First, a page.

Learn, hack!

Hacking and security documentation: slides, papers, video and audio recordings. All in high-quality, daily updated, avoiding security crap documents. Spreading hacking knowledge, for free, enjoy. Follow on .

Open source photovoltaics

Moritz von Buttlar
Chaos Communication Camp 2011
Indexed on
Mar 27, 2013
File name
File size
415.4 MB

Opensource-solar.org is working on open hardware power supplies for off-grid applications. The systems consist of self-build solar panels, charge controllers with microcontroller, and LiFePo4 rechargeable batteries. Green energy for your gadgets ! A photovoltaic based power supply for small devices is especially useful if an electricity grid is unavailable, if cabling is inconvenient, and in emergency situations. Opensource-solar.org designs modular open hardware photovoltaic power systems which can be incorporated in other projects. The focus is on micro-energy systems with less then 16 W. Examples for usage include LED lighting systems, cell-phone charging and power for wireless networks. The goal is to make a very high quality system at a fraction of the cost of current systems. Currently it consists of a self-made solar panel build from solar cells, a MSP430 based charging and control module, and a rechargeable LiFePo4 battery. The open hardware approach allows collaborative development, support and building instructions for users worldwide. This could be especially interesting for makers in Africa and other parts of the world without grid connectivity in rural areas. Success of photovoltaic based systems is slowed down by a scarcity of skilled people and high costs. Open source hardware and internet comunities can provide essential information for self-learning the required skills to assemble, develop and install such systems.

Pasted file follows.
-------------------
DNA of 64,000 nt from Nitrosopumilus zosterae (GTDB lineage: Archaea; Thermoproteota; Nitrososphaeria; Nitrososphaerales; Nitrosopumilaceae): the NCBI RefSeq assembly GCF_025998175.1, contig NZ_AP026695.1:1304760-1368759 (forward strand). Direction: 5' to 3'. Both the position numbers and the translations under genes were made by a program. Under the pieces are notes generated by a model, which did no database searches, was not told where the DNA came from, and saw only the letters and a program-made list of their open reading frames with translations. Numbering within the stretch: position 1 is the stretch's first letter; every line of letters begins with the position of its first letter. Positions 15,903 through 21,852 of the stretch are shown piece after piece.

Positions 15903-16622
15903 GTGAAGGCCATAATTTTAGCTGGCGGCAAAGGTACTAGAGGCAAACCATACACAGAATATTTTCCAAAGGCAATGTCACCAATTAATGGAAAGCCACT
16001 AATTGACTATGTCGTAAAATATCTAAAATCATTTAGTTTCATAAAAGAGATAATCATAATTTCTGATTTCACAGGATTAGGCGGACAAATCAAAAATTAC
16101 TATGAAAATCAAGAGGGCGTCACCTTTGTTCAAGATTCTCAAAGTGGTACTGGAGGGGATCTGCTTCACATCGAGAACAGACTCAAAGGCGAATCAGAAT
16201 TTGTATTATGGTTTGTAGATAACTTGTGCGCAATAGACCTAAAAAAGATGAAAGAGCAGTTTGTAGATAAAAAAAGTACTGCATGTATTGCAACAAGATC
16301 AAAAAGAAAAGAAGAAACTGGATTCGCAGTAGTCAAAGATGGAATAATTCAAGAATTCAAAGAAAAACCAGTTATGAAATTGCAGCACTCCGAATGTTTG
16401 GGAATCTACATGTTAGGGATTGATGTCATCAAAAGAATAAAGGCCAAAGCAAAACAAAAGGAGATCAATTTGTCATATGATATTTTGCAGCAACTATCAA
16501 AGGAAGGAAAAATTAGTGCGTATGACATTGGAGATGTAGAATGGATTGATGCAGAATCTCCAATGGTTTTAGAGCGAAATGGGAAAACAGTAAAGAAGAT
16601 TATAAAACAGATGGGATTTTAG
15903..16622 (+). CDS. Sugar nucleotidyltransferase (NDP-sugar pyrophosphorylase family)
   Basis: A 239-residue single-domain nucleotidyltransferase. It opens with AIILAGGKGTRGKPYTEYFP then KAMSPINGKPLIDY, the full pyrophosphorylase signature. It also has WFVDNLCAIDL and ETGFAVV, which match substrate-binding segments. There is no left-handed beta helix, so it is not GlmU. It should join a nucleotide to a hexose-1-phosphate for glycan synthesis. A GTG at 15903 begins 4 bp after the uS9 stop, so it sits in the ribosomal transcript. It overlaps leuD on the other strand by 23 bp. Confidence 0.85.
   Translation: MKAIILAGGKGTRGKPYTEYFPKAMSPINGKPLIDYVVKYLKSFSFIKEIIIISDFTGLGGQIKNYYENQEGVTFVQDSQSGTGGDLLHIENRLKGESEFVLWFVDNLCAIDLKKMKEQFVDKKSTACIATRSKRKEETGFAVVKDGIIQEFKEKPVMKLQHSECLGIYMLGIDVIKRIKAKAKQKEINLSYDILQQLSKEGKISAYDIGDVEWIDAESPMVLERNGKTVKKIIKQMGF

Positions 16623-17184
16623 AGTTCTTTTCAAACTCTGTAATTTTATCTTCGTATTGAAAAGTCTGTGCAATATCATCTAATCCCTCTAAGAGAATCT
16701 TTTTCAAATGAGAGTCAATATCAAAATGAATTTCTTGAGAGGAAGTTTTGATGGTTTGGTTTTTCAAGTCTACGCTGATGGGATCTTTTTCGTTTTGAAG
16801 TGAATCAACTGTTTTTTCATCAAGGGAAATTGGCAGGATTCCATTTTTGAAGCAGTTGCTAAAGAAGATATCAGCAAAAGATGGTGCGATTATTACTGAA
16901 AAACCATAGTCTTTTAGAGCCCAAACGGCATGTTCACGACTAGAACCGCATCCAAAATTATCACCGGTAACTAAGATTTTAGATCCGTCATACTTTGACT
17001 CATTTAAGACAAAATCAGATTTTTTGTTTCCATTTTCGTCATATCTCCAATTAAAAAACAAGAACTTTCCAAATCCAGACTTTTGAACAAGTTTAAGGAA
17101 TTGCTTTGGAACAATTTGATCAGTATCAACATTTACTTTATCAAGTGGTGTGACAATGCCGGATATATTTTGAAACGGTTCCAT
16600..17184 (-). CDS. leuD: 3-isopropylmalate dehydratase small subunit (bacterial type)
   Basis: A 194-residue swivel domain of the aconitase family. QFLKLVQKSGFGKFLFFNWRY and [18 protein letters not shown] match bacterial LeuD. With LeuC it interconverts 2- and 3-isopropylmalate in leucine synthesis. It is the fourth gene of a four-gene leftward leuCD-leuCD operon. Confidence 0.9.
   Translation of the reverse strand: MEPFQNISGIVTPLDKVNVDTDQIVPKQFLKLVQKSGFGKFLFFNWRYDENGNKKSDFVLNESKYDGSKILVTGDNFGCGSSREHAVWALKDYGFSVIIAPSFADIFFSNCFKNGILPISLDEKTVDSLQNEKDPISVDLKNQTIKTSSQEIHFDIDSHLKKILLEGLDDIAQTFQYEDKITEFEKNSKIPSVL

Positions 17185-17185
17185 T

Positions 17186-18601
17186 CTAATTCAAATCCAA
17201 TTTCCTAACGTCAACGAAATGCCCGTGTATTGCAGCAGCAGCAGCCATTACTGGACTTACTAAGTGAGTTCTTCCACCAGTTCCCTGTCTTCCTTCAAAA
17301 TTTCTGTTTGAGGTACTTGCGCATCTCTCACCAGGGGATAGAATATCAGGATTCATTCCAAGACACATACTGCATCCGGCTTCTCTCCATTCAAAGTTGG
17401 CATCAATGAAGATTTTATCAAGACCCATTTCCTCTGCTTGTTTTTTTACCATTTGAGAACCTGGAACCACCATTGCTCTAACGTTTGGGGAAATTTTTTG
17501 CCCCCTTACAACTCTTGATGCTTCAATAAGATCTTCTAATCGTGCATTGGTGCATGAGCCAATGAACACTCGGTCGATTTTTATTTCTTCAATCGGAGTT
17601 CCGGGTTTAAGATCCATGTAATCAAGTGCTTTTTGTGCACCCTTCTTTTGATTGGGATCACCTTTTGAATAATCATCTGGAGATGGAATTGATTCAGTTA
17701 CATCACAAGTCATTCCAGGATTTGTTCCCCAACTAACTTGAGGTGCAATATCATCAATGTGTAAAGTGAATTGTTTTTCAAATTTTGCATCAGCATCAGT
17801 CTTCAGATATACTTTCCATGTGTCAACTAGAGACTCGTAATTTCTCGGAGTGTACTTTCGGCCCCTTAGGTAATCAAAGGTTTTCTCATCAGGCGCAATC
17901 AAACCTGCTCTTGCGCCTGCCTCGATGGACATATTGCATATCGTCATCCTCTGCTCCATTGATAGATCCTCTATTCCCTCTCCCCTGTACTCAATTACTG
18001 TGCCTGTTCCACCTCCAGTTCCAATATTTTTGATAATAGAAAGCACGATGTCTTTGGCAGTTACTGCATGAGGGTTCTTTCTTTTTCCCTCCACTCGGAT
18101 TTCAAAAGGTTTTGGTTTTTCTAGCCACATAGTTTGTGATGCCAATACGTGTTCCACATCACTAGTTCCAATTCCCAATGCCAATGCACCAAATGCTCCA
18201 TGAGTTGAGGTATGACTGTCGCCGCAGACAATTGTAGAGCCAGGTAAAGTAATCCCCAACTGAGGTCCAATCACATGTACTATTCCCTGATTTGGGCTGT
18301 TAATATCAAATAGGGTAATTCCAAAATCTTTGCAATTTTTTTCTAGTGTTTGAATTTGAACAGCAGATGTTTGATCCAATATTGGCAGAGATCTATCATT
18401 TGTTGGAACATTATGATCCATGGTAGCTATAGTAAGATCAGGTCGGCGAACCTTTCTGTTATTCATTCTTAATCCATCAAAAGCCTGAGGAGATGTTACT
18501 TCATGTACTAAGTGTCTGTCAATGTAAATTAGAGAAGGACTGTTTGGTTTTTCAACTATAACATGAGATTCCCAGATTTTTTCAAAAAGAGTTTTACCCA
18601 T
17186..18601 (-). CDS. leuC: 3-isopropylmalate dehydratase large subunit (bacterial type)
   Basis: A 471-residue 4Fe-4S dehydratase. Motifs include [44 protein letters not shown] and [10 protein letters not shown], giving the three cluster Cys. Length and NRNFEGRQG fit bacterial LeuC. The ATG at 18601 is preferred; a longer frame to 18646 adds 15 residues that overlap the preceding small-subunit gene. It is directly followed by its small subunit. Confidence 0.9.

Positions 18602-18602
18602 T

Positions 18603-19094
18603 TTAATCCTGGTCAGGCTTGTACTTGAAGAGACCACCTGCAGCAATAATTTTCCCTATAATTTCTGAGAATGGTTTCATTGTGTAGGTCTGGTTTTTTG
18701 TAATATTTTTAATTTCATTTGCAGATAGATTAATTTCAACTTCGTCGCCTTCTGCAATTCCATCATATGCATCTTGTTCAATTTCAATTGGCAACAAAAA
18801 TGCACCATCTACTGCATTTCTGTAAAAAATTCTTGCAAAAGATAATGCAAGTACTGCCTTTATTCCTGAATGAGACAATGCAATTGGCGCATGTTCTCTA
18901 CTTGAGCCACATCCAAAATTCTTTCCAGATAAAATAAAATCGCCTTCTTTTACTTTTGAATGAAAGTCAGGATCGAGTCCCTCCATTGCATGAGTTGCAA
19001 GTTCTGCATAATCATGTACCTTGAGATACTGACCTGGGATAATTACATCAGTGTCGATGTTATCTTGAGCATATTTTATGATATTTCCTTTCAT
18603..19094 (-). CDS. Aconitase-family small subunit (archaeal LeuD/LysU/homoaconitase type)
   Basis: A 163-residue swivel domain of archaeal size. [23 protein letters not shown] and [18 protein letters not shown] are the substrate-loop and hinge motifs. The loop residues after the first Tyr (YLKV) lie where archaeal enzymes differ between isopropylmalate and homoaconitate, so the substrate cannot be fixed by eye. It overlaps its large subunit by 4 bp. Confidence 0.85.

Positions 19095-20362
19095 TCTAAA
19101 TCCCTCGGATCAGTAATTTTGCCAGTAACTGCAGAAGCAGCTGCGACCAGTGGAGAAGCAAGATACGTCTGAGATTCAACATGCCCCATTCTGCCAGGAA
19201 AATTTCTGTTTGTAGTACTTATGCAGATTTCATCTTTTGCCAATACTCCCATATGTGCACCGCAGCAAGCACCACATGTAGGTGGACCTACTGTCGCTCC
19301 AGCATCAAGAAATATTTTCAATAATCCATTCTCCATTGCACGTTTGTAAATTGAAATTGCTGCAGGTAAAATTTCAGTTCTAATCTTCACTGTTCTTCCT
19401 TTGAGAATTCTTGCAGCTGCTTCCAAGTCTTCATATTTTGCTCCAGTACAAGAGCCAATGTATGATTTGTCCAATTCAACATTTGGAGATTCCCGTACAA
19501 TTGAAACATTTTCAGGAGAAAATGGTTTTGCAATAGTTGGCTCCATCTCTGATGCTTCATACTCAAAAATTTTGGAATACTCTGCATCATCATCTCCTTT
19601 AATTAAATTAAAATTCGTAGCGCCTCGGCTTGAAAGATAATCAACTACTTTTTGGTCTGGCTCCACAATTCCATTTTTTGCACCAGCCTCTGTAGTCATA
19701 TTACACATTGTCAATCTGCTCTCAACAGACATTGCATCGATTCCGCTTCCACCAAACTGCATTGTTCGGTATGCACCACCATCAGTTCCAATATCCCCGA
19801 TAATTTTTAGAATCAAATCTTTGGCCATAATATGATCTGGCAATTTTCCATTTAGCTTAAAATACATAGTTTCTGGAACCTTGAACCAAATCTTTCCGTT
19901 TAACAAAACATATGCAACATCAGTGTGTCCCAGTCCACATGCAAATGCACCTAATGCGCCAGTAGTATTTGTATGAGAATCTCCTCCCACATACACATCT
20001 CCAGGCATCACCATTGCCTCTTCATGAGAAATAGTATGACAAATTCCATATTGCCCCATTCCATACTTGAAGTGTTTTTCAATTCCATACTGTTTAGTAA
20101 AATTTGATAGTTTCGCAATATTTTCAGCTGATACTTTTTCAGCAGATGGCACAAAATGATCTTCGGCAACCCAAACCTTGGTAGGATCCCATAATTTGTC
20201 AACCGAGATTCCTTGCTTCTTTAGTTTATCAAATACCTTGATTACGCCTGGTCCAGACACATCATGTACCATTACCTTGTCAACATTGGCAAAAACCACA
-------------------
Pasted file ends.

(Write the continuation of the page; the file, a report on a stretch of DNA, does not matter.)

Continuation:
About us

Secdocs is a project aimed to index high-quality IT security and hacking documents. These are fetched from multiple data sources: events, conferences and generally from interwebs.


Serving 8166 documents and 531.0 GB of hacking knowledge, indexed from 2419 authors from 163 security conferences.


To support this site and keep it alive, you can click on the buttons below. Any help is really appreciated! This service is provided for free, but real money is needed to pay bills.

Flattr this Click here to lend your support to: Keep live SecDocs for an year and make a donation at www.pledgie.com !